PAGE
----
The High Cost of Freedom
We enjoy great freedom in America because for more than two hundred years people have been willing to fight and die for it. Without their sacrifices, and the sacrifices of their families, we would have no freedom.
Freedom in America seems so normal that we often forget it isn't free. Our freedom was bought and paid for with the highest price of all 'life itself. The United States of America is a free nation because men and women have been willing to fight against those who would try and take our freedom. One of these people was an eighteenth century farmer named Jacob Stockwell. December 10, 1776 Jacob Stockwell enlisted in Captain Jeremiah Burrough's company in a battalion commanded by Colonel Seth Warner. On July 7, 1777 Jacob was captured by the British. In September 1778, Jacob Stockwell died.
Sometime in 1777 Rachel Stockwell, Jacob's wife, gave birth to their fourth child and second son, Eleazar B. Stockwell. Perhaps Jacob was able to learn from a friend or a letter that Rachel and their new son were all right. Maybe he could only hope and pray that all was well with his family. Jacob Stockwell may also have gone to his grave not knowing that he had another son.
Following the example of the father he had never had a chance to know, Eleazar B. Stockwell, my fourth great grandfather, served in the army between 1807 and 1816. During the War of 1812 he held the rank of Lieutenant. He also served as a Captain in the State Militia. (Information about the Stockwell Family is from The Stockwell Family: Adventures into the Past 1626-1982 by Irene Dixon Stockwell, Janesville Printing Co., Janesville, Wis. 1982).
Our freedom was established because people were willing to fight and die for it. Today we are free because people are still willing to fight and die for freedom. When countries go to war their well-trained fighting men and women risk their lives, and some will surely die. Others will be wounded, and some disabled. And there are always innocent civilian men, women, and children who will also be killed, or injured. Even animals can be caught in the crossfire and lose their lives, or starve to death when their sources of food are destroyed. As horrible as war is, and a much as we want to avoid it, we could not be free and secure without a well-trained, well-equipped military to stand up for our rights and freedom.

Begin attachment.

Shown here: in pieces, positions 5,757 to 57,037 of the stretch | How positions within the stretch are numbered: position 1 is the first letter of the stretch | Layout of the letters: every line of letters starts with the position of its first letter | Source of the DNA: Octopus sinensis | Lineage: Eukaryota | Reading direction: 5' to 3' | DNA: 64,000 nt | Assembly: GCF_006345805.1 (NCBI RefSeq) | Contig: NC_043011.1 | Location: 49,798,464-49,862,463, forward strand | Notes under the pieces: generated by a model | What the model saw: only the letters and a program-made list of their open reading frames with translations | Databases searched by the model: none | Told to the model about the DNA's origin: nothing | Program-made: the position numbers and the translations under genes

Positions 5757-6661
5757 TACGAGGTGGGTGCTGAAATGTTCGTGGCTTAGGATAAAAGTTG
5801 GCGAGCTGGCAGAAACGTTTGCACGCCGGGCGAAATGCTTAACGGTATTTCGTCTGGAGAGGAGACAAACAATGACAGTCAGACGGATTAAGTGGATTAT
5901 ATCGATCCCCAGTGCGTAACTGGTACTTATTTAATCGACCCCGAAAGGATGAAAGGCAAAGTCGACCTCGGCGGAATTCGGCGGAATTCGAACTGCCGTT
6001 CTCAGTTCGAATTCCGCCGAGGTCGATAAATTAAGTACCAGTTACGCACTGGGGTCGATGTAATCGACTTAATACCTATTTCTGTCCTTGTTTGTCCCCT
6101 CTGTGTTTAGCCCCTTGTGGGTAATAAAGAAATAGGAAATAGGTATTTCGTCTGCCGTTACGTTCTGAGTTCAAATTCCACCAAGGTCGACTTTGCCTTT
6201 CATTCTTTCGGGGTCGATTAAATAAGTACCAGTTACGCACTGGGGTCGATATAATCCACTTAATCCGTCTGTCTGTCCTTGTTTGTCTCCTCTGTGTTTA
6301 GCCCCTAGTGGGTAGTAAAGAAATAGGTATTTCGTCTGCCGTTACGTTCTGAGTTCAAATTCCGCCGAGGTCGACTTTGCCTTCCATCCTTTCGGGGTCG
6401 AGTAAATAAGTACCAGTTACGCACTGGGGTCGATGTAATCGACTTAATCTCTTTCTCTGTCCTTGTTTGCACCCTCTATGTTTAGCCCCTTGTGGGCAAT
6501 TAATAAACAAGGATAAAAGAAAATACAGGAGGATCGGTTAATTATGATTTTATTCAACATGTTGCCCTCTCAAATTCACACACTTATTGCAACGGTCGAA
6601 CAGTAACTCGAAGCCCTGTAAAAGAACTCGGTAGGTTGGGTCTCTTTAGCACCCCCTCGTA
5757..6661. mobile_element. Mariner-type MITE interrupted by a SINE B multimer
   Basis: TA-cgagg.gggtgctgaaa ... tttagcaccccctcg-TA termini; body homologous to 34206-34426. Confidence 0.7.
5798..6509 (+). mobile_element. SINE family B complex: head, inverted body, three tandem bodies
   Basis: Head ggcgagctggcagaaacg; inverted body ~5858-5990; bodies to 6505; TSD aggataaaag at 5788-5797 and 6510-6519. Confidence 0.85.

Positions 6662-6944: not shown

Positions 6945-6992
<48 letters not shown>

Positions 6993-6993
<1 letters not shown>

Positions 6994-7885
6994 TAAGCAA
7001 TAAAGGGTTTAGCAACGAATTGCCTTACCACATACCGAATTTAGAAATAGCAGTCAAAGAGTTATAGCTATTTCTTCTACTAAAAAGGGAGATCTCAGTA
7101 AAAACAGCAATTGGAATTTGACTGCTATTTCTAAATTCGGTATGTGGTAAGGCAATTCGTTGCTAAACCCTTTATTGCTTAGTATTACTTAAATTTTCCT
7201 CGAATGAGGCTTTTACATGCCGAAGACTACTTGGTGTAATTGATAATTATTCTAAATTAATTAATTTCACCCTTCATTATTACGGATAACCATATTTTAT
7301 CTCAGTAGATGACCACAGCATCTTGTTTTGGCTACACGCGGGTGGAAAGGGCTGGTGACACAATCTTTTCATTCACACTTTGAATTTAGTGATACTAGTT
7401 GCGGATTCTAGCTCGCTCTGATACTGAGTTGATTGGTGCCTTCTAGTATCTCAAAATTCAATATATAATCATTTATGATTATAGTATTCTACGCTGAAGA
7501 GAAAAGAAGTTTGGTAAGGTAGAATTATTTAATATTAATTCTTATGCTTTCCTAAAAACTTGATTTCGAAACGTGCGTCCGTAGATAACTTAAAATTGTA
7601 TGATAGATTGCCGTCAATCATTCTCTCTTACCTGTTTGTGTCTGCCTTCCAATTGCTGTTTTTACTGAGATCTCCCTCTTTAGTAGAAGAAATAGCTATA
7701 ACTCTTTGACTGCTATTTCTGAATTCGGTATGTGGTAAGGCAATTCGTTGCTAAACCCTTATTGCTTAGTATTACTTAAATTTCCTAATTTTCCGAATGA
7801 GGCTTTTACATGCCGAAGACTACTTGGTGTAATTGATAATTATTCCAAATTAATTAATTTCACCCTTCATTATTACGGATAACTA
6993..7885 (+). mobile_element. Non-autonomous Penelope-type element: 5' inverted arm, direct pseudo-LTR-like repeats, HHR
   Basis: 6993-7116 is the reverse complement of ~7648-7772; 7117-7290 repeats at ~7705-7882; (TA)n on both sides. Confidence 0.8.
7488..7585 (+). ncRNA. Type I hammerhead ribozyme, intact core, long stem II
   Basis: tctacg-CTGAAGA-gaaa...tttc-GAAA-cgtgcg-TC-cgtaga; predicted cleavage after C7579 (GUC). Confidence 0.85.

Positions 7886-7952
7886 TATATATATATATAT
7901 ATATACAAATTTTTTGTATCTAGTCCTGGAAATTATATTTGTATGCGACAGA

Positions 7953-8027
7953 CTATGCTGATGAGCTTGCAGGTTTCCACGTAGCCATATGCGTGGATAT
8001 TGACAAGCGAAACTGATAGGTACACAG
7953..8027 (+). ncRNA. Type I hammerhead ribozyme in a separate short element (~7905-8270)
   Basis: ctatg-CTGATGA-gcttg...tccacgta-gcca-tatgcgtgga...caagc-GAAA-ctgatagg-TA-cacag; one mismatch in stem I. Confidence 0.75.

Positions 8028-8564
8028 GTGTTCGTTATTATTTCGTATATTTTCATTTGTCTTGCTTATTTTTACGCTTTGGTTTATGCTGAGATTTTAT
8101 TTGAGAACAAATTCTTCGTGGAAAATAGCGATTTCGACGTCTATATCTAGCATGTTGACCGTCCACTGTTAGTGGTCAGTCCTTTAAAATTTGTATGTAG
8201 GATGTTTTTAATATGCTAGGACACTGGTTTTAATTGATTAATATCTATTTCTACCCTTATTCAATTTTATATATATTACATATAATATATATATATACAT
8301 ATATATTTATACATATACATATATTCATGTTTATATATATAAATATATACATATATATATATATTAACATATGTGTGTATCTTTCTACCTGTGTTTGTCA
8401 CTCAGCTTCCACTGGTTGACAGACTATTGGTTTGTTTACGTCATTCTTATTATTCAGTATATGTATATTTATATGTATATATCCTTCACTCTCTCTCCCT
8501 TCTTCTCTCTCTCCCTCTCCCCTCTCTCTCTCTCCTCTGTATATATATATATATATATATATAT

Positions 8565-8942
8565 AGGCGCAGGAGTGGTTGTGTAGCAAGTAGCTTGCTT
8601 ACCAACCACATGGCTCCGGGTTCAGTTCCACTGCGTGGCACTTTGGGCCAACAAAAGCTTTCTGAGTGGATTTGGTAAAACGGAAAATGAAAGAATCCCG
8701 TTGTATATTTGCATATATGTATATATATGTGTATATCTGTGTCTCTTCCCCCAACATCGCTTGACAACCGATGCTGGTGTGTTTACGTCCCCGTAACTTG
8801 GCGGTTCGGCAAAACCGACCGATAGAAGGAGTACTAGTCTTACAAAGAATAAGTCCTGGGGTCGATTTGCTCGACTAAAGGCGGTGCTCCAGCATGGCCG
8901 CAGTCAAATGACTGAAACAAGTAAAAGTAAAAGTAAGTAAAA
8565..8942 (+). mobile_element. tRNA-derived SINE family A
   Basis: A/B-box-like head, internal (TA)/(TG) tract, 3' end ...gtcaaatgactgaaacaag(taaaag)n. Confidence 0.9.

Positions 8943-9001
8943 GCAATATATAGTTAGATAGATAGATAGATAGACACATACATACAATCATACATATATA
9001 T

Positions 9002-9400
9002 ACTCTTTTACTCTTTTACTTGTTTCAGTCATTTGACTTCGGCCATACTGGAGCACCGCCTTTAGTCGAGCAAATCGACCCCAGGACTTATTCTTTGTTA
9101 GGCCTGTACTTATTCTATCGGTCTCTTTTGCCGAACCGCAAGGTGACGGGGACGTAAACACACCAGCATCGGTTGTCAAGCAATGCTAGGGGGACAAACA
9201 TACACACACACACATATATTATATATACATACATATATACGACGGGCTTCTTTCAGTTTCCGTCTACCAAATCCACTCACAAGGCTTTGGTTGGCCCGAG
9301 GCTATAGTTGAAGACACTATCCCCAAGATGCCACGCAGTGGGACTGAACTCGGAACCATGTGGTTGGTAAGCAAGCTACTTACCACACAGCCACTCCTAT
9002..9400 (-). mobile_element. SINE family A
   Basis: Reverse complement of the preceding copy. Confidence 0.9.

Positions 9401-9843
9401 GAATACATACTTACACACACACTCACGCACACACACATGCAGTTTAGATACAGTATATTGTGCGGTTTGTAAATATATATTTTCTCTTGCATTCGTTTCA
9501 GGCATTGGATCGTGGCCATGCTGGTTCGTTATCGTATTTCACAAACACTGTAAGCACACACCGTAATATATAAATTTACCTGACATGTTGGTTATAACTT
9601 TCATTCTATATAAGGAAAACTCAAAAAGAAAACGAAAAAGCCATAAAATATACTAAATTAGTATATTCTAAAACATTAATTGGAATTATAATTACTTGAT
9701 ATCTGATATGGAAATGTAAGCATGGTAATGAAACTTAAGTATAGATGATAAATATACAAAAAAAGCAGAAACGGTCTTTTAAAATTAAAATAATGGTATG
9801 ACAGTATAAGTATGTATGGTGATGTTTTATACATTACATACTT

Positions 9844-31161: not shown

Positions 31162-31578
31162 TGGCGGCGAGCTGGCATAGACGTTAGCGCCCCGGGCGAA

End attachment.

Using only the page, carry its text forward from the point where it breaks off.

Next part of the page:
Those who fight are not the only ones who serve and sacrifice. When a man dies fighting for his country he sacrifices his life, but that is only the beginning. His wife sacrifices her husband, and must face life without the friend and partner she had hoped she would always be able to turn to for love, support, and encouragement. His children sacrifice their father, who will miss out on seeing their Little League games, or music recitals, or school plays. His parents sacrifice their child, and, while feeling pride for what their precious son accomplished, they must bury the dreams that were yet to be realized with his body.
And men do not hold a monopoly on dying for their country. Woman have also laid down their lives for our liberty leaving husbands without their wives, children without their mothers, and parents without their beloved daughters. All the lives that these women touched and would have touched had they lived will be poorer because of the loss.
I had hoped that the war in Iraq could be avoided. I hated the thought of military personnel risking their lives, and their families being separated. I knew that war would mean that some of them would not be reunited after a few months or years. A picture of a widow who was eight and a half months pregnant gazing at the casket of her husband who had been killed in Iraq was particularly heart-rending.
Is freedom worth such a high price? I think that depends on what we do with it. If we choose to be selfish and hedonistic, we make a mockery of the ideals so many have fought and died to defend. But this is America. And we are free to be responsible, caring, and compassionate. We are free to vote for our political leaders, keep tabs on what they do, and write to them and tell them what we expect from them. After all, WE THE PEOPLE of the United States are the employers of our local and state leaders, our senators and congressmen. Even the President of the United States is supposed to set aside his own interests and work for the good of all the people. We are free to make the world a better place, and honor the memory of those who sacrificed to make it possible.
About the Author
Janice L. Smith has BA and MA degrees in Psychology. She was a popular substitute teacher before and after graduate school, and also worked as a Museum Educator. Her novel, Daddy's Little Secret is available at www.booksurge.com, and will soon be available at Amazon.com.